7. PERMANENT SCANDAL
    (pp. 16-43)
    DANIEL BENSAÏD

    The end of the long wave of post–World War II expansion, the revelations about the extent of the Soviet Gulag, the horror of Cambodia, then the Iranian Revolution and the onset of the neoliberal reaction: there was a shift in world affairs starting around the middle of the 1970s. The protagonists of the cold war—capitalism versus communism, imperialism versus national liberation—faded from the billboards, and a new titanic struggle between democracy and totalitarianism was proclaimed to a drumbeat of publicity. Actually it was more like the restoration of the French monarchy, with the straightforward term democracy conferring...

  8. “WE ARE ALL DEMOCRATS NOW . . . ”
    (pp. 44-57)
    WENDY BROWN

    Democracy has historically unparalleled global popularity today yet has never been more conceptually footloose or substantively hollow. Perhaps democracy’s current popularity depends on the openness and even vacuity of its meaning and practice—like Barack Obama, it is an empty signifier to which any and all can attach their dreams and hopes. Or perhaps capitalism, modern democracy’s nonidentical birth twin and always the more robust and wily of the two, has finally reduced democracy to a “brand,” a late modern twist on commodity fetishism that wholly severs a product’s salable image from its content.¹ Or perhaps, in the joke on...

  9. FINITE AND INFINITE DEMOCRACY
    (pp. 58-75)
    JEAN-LUC NANCY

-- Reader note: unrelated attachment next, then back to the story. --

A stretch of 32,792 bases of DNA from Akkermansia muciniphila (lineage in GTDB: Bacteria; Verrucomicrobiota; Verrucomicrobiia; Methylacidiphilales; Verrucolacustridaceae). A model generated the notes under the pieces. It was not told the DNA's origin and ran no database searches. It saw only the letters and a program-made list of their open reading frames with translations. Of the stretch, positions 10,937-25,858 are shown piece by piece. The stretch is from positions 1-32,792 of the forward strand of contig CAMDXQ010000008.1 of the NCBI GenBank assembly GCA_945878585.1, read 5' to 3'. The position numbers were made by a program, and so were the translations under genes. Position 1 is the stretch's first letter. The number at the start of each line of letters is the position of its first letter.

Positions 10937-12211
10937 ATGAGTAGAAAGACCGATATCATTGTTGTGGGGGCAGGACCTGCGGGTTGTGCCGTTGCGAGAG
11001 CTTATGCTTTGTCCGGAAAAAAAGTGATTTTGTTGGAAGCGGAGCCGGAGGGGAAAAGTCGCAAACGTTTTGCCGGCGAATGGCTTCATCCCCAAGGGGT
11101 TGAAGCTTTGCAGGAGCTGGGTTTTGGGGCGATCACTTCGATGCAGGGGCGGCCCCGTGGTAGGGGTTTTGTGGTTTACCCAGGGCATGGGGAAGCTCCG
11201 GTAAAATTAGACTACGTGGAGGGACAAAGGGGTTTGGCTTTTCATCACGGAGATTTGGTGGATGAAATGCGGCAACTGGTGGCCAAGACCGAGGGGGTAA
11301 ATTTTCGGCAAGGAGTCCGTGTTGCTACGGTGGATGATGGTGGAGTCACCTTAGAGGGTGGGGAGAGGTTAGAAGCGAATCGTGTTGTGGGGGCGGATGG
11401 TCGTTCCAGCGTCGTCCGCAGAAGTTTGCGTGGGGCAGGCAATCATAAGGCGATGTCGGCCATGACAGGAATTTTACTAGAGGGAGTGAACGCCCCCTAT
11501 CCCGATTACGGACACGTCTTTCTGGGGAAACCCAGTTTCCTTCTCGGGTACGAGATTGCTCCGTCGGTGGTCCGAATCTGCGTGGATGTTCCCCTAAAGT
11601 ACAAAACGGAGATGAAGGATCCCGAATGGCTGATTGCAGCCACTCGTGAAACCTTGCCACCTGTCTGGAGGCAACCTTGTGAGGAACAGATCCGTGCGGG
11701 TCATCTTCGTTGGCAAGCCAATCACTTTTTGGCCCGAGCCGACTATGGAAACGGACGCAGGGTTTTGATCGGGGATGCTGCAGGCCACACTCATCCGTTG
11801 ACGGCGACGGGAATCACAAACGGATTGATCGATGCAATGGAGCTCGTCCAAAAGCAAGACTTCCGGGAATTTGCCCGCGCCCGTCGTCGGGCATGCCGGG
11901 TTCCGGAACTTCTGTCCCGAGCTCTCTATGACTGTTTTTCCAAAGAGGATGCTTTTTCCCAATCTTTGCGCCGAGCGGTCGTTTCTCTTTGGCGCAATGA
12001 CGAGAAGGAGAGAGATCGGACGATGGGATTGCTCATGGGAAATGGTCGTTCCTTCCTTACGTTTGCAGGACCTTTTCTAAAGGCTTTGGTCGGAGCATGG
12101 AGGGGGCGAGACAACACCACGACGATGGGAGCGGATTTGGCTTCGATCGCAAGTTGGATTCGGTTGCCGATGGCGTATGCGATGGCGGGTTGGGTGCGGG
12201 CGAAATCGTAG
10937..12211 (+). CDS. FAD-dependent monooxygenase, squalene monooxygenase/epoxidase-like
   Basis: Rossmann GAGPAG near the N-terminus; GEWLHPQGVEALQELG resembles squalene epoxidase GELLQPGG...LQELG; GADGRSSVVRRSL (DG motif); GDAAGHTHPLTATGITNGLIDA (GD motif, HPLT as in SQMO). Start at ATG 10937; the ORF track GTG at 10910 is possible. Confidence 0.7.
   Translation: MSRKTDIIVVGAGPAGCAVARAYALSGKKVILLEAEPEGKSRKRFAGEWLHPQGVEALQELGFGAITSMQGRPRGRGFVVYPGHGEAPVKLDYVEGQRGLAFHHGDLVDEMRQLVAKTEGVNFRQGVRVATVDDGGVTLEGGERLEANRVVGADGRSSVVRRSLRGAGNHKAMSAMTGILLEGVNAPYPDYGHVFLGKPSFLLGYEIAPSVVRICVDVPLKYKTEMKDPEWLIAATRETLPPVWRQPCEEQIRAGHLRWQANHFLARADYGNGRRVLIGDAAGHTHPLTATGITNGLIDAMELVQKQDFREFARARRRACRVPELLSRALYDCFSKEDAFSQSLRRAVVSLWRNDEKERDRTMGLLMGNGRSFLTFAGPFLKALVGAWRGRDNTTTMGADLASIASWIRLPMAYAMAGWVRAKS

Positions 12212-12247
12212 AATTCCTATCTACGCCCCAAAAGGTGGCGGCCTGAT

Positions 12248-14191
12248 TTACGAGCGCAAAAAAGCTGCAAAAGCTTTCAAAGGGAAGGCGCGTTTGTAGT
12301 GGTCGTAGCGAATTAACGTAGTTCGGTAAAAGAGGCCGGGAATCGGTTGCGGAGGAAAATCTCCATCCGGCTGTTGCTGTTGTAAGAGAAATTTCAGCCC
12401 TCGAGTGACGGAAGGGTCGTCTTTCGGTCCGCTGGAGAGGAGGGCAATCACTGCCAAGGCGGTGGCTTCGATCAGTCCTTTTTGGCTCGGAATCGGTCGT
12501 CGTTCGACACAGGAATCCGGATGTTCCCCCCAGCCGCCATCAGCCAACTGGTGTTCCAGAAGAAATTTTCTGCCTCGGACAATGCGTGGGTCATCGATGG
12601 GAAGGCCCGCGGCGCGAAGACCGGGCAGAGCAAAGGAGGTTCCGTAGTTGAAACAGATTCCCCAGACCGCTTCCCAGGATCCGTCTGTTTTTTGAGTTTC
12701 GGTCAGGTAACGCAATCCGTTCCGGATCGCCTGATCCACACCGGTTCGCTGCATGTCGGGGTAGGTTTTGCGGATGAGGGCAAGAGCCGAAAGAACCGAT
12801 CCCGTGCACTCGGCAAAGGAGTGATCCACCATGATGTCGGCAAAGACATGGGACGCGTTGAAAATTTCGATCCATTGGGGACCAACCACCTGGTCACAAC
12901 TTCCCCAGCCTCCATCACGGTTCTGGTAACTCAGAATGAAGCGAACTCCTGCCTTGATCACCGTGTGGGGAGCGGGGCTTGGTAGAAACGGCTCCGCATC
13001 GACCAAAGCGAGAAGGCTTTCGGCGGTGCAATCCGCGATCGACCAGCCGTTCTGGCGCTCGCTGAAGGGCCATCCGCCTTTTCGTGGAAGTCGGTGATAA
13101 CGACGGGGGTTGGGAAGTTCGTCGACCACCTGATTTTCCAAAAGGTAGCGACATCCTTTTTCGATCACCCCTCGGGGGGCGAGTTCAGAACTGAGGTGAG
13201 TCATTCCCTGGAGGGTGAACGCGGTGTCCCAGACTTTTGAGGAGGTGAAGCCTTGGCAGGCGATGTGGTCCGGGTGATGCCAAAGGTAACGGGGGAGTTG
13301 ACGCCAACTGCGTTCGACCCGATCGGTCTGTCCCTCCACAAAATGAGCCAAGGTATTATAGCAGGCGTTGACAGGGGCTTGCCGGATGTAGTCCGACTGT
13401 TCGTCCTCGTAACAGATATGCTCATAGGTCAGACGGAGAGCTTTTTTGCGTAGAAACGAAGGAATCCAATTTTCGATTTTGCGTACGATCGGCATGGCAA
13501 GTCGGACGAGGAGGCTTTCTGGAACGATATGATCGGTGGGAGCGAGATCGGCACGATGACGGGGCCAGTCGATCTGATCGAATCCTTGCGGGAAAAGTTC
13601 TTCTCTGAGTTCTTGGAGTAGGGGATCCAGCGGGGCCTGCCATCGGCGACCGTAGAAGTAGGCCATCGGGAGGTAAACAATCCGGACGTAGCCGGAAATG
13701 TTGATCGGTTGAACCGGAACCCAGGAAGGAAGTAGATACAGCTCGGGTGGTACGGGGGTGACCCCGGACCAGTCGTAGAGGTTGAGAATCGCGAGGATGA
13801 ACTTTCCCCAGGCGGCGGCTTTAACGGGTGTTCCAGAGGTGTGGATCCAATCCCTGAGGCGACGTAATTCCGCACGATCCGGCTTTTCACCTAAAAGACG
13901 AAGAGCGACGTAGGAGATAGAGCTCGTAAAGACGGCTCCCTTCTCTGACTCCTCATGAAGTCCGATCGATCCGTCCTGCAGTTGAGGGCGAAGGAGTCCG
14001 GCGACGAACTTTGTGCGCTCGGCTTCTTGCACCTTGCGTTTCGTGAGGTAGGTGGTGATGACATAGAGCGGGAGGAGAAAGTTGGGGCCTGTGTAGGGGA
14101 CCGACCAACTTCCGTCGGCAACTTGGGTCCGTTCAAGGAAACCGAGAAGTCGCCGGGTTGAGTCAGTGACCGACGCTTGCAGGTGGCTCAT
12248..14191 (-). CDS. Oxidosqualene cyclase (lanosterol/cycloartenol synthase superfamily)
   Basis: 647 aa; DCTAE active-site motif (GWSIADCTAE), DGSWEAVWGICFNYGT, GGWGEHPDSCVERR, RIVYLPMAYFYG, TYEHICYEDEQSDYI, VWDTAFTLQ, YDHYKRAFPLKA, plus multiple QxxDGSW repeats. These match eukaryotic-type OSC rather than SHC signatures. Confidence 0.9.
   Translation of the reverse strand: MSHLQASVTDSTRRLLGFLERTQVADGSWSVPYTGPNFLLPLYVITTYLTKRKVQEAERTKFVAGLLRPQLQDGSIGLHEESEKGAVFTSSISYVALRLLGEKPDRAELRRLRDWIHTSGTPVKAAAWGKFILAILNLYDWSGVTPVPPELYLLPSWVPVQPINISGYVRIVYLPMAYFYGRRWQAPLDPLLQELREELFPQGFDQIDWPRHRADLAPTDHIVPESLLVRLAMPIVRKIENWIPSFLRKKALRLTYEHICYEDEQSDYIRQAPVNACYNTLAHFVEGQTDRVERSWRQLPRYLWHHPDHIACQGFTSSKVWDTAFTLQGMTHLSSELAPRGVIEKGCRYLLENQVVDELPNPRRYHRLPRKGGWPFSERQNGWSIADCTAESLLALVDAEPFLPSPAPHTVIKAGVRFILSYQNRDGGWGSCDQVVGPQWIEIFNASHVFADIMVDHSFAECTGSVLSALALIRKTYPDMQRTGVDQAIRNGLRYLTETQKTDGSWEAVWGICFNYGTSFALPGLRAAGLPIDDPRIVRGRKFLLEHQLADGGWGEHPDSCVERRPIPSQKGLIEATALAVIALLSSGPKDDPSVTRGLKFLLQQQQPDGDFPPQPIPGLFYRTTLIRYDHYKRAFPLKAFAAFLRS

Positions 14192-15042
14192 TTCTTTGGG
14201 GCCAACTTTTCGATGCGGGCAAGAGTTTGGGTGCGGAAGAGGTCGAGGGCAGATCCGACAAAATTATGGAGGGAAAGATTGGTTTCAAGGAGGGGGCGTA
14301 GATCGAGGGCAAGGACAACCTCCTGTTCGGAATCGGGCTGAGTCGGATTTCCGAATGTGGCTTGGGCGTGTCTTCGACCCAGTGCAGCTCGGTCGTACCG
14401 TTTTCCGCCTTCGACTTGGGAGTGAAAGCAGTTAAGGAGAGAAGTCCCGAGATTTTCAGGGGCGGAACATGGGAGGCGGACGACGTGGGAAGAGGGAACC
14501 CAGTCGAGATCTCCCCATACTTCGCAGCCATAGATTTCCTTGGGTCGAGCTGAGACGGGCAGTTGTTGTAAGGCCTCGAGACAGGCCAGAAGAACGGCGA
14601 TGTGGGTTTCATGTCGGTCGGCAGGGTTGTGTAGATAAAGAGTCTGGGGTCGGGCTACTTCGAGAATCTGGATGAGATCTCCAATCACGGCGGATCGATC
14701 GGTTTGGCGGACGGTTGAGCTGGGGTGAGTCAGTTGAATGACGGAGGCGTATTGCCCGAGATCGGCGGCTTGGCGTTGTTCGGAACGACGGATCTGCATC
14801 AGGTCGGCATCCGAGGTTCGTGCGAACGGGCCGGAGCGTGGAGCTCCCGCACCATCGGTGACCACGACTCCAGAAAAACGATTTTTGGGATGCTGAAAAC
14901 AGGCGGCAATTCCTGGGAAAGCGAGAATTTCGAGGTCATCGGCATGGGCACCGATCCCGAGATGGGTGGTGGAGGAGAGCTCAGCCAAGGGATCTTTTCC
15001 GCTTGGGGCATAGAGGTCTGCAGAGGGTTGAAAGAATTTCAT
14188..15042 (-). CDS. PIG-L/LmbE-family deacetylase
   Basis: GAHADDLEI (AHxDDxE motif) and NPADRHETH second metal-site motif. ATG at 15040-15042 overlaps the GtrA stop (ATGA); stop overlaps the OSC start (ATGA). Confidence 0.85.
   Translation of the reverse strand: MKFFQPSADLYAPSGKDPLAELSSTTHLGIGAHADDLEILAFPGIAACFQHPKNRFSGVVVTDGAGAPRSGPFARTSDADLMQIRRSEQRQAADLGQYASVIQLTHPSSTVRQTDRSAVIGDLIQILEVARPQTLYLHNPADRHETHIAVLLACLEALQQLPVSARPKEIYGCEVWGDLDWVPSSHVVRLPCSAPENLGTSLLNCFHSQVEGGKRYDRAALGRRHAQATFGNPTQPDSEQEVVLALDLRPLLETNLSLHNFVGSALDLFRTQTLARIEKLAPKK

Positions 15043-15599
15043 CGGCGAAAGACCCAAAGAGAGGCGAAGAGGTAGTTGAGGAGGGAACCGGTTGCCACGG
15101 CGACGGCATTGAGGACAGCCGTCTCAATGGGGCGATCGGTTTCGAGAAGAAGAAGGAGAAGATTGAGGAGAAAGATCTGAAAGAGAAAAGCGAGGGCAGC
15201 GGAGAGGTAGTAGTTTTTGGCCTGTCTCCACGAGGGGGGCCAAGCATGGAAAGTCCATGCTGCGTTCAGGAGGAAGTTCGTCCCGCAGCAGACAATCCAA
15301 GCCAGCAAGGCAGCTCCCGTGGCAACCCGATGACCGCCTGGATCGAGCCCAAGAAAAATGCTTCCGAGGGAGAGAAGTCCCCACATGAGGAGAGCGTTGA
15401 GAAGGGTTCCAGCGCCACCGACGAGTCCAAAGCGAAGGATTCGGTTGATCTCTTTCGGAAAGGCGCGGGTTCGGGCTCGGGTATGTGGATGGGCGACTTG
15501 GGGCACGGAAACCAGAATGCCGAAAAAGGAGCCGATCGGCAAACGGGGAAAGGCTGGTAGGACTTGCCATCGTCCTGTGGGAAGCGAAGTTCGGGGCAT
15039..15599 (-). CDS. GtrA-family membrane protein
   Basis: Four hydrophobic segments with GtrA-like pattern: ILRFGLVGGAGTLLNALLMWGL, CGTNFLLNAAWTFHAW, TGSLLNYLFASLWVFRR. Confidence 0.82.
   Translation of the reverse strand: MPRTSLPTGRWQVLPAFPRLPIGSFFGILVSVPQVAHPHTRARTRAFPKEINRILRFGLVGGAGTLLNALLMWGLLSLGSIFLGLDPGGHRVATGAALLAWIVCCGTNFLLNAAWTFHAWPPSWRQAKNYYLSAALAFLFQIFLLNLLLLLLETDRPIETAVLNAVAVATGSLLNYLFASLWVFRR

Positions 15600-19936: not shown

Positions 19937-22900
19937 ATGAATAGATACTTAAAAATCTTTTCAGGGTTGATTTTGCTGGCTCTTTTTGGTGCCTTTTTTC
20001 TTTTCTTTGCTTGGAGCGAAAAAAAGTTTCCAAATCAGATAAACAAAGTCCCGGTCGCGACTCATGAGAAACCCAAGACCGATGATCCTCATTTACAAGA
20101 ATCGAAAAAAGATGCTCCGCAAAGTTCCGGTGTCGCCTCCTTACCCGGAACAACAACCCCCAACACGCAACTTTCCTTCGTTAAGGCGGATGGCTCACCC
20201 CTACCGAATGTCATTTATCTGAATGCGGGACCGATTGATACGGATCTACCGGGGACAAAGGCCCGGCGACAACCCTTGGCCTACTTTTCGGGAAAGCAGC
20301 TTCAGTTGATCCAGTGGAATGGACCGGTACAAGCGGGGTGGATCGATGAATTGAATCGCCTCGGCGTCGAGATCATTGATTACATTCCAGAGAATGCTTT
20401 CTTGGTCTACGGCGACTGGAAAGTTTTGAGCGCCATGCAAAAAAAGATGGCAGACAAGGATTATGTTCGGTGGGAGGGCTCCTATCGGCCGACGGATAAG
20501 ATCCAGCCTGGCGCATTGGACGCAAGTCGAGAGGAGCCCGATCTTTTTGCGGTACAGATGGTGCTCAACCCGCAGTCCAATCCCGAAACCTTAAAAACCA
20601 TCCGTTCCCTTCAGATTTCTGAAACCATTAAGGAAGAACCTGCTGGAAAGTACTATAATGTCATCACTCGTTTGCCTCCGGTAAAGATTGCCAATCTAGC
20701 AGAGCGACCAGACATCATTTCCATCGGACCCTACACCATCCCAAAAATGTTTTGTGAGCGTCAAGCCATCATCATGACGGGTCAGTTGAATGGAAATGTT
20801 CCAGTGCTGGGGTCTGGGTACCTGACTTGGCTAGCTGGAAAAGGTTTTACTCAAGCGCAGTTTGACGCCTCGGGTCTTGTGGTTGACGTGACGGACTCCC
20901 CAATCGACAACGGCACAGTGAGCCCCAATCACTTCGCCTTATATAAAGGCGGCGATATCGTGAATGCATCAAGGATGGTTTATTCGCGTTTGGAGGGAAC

Is it at all meaningful to call oneself a “democrat”? Manifestly, one may and should answer both “no, it’s quite meaningless, since it is no longer possible to call oneself anything else,” and “yes, of course, given that equality, justice, and liberty are under threat from plutocracies, technocracies, and mafiocracies wherever we look.” Democracy has become an exemplary case of the loss of the power to signify: representing both supreme political virtue and the only means of achieving the common good, it grew so fraught that it was no longer capable of generating any problematic or serving any heuristic purpose....

  10. DEMOCRACIES AGAINST DEMOCRACY
    (pp. 76-81)
    JACQUES RANCIÈRE and ERIC HAZAN

    The answer is twofold. In the first place, it is indeed my position that democracy is irreducible to either a form of government or a mode of social life. Second, even granting the so-called ordinary sense of the word democracy, it is not in the least evident to me that democracy enjoys total unquestioning support. Things were different during the cold war, when it was democracy versus totalitarianism. But since the Berlin Wall fell, what we’ve witnessed in the countries we call “the democracies” has been a mistrustful and faintly or openly derisive attitude toward democracy. In Hatred of Democracy...

  11. DEMOCRACY FOR SALE
    (pp. 82-99)
    KRISTIN ROSS

    Am I a democrat? “Democrat,” at least for Auguste Blanqui writing in 1852, was a word, as he put it, “without definition”: “What is a democrat, I ask you. This is a vague and banal word, without any precise meaning, a rubbery word.”¹

    Is “democrat” an any less rubbery name to embrace in our own time?

    In June 2008 Ireland, the only country to hold a popular referendum on the European constitution, voted to reject it. One of the principal authors of the treaty, Valéry Giscard d’Estaing, was the first to admit that the text of the treaty (which ran...

  12. FROM DEMOCRACY TO DIVINE VIOLENCE
    (pp. 100-120)
    SLAVOJ ŽIŽEK

    In today’s era, which proclaims itself postideological, ideology is thus more than ever a field of struggle—among other things, the struggle for appropriating past traditions. One of the clearest indications of our predicament is the liberal appropriation of Martin Luther King, in itself an exemplary ideological operation. Henry Louis Taylor recently remarked: “Everyone knows—even the smallest kid knows about Martin Luther King—can say his most famous moment was that ‘I have a dream’ speech. No one can go further than one sentence. All we know is that this guy had a dream. We don’t know what that...

  13. NOTES
    (pp. 121-128)
  14. AUTHORS
    (pp. 129-132)